Journal of Political Risk, Vol. 8, No. 9, September 2020
By Susan Cullen-Wetere (Ngati Maniapoto) and Bernard Cadogan (DPhil Oxford University)
Indigenous peoples and their protecting nation states in the Western group of nations share a common interest in democracy and the rule of law. The norm between them is a collaborative and fiduciary association that escalates race relations out of the infinite misery of grievance politics, and the cycles of rage characterising other race discourses. Both indigenous nations and their protector nations have an interest in building on the strengths of their Treaty systems, and protection mechanisms, and in excluding foreign interference inimical to the relationships they share.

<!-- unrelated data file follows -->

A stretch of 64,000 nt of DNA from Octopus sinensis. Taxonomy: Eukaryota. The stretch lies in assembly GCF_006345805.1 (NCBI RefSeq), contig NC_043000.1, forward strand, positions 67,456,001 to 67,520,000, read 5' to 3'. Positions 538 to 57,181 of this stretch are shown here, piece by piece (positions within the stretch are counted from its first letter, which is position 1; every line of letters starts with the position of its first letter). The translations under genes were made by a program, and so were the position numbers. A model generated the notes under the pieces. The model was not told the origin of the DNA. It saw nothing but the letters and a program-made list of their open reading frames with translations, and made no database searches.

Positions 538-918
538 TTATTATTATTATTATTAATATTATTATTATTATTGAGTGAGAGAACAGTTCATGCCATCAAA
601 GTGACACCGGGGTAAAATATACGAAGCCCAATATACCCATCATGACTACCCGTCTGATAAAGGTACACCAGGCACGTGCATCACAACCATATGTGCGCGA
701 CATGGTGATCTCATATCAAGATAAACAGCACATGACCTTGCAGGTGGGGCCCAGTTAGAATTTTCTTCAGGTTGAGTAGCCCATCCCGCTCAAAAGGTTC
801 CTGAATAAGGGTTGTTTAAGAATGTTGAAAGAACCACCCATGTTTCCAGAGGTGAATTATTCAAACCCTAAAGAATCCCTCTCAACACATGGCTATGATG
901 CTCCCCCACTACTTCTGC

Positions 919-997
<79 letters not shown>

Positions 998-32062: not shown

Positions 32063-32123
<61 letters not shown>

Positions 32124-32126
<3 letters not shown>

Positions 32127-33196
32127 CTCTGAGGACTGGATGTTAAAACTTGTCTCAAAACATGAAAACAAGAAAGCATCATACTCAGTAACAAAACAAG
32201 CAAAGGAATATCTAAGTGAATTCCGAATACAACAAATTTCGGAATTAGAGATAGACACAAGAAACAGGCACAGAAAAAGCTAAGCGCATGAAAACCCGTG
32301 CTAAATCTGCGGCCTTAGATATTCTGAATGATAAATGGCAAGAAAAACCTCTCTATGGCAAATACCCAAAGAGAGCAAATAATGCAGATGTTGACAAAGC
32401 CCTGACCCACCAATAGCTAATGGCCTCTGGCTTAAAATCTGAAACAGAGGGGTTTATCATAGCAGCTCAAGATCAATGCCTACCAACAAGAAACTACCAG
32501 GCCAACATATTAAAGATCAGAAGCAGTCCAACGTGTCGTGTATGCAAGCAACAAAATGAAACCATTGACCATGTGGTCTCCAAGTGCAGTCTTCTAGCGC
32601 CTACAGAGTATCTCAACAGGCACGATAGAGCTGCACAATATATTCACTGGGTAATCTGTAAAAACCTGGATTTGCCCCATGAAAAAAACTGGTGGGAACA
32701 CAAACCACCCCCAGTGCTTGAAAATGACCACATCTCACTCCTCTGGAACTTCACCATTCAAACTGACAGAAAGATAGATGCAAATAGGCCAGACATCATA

It is proposed that a global indigenous organisation is formed, as a place of intellectual discourse and debate, much as is Chatham House in London, or Clingendael in The Netherlands. Continue reading